A couple of days later, I walked into the dining room. Melissa was on her computer with her back toward me and didn't hear me come into the room. "Ah-ha," I blurted out, breaking the silence. My wife nearly jumped out of her skin. "So, I'm not supposed to look, but it's okay if you do?"
"My computer popped up with a suggested site for me. You know how these smart devices are always spying on us; they must have listened to our conversations."
"Uh-huh," I replied with suspicion. "And why does it say, 'matched your search criteria?"
"Look at this puppy," Melissa said, pulling up another screen.
"That dog is in Mississippi," I protested.
"Well, you were looking at one in Washington, eighteen hundred miles from here," Melissa pointed out. "This puppy is right on the border of Mississippi and Louisiana; that's a lot closer than Washington." All I could do was shake my head. (But I must say, in those three photos, the puppy was quite attractive.)
The next day, Melissa called me to the dining room. "The three photos the shelter posted didn't really give a good look at the dog. But look at these," she said, turning her screen my way. "I sent a message, and they sent me these." So, I guess I wasn't surprised that Melissa had messaged them. "Tasha told me about the lady who surrendered the puppy."
"Tasha?" I questioned? "You're already on a first-name basis with the people at the shelter?"
"Well, I had to call to ask a few questions," Melissa stammered. "Besides, I'm just looking.” Then added, “Her name is Diva."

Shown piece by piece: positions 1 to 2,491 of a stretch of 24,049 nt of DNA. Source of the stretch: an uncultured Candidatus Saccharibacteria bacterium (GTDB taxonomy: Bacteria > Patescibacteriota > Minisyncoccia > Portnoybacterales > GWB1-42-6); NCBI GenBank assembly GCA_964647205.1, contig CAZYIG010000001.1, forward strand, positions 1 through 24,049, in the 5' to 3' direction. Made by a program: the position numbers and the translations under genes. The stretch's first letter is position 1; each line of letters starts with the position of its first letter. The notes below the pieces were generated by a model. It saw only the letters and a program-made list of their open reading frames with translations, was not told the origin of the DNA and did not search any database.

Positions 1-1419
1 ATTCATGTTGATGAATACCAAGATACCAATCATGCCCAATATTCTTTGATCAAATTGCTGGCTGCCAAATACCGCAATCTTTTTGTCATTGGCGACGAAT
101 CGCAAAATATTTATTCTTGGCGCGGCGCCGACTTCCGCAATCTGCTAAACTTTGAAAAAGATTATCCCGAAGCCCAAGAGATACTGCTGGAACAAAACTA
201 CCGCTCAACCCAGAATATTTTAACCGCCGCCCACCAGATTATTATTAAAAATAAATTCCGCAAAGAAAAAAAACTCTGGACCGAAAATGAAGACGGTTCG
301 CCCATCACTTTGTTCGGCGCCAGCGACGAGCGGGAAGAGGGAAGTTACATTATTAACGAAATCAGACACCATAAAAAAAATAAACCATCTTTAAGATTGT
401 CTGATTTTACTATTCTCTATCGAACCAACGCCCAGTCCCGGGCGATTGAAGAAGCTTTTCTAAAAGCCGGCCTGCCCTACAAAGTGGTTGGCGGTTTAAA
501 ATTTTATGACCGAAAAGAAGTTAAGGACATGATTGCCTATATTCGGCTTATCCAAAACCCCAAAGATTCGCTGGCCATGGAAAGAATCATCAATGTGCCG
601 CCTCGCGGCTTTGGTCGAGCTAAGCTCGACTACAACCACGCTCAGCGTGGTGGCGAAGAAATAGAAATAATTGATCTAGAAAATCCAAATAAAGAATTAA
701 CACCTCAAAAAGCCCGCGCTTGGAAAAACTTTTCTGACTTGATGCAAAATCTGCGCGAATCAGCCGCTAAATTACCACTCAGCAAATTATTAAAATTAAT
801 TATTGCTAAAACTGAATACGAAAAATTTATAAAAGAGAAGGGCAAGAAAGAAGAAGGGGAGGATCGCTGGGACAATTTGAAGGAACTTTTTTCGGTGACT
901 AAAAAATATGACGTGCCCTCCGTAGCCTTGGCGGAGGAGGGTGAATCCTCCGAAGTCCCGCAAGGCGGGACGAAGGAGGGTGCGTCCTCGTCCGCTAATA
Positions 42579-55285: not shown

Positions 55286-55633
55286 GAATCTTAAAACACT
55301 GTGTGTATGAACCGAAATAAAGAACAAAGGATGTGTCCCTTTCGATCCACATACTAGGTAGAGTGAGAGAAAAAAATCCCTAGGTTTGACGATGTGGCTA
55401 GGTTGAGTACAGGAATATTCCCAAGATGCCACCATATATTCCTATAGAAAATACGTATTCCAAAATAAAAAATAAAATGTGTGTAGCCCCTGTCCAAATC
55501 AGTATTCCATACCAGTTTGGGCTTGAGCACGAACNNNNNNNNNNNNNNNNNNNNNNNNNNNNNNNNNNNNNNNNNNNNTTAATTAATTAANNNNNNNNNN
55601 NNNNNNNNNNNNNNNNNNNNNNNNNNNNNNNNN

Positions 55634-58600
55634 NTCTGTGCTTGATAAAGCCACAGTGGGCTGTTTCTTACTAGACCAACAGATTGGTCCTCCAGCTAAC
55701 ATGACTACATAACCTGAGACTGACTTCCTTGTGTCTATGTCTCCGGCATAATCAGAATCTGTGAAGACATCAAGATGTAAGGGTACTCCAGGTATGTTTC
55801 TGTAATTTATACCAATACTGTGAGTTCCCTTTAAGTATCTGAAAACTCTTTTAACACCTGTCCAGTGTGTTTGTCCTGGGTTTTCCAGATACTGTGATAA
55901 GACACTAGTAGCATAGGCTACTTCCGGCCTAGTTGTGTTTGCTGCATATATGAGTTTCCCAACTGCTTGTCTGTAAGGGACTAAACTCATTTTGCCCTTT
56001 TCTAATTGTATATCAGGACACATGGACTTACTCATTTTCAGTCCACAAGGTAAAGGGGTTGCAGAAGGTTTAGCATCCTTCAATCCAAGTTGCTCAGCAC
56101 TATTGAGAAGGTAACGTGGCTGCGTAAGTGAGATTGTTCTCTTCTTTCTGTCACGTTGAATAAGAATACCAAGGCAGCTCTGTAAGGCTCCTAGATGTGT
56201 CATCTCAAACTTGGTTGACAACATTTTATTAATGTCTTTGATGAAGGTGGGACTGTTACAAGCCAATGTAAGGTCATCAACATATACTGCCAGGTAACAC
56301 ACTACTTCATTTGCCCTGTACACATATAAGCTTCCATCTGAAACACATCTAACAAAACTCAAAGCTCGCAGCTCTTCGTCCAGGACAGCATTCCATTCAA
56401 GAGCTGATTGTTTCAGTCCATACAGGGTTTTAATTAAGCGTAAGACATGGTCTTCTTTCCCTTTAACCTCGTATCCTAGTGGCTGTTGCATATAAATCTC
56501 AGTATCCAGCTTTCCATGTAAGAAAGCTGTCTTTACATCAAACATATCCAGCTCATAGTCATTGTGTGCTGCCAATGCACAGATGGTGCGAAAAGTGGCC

I wanted to mimic my wife, "And we were 'just looking' when we found June. You're swimming in dangerous waters, Mrs. Palen. You'd best stay off those sites!" But instead, it came out, "We would have to change her name." There's nothing wrong with the name Diva - it just wouldn't be our choice. We looked at the photos together. She was a charming puppy.
We both had more questions about the dog. I suggested, "We could call them now on speakerphone." Melissa noted that the shelter was already closed, so we agreed to call in the morning.
The following day, Tasha answered the questions she could. We wanted to know more about the sire and the dam, but Tasha, understandably, didn't know the answers. Finally, Melissa gave her permission to forward our contact information to the person who surrendered the puppy. Then, we told Tasha we would think it over and call her back.
When we hung up, Melissa seemed like she was trying to talk herself out of this idea. "I don't know; maybe it's too soon," she said. I suggested it wouldn't hurt to go just to look. "But, it's fourteen hundred miles; that's twenty hours of driving each way," she said.
I countered, "Well, that's closer to Bellingham, Washington. Besides, we're due for a road trip anyway." Melissa pointed out that we had a lot to do at home.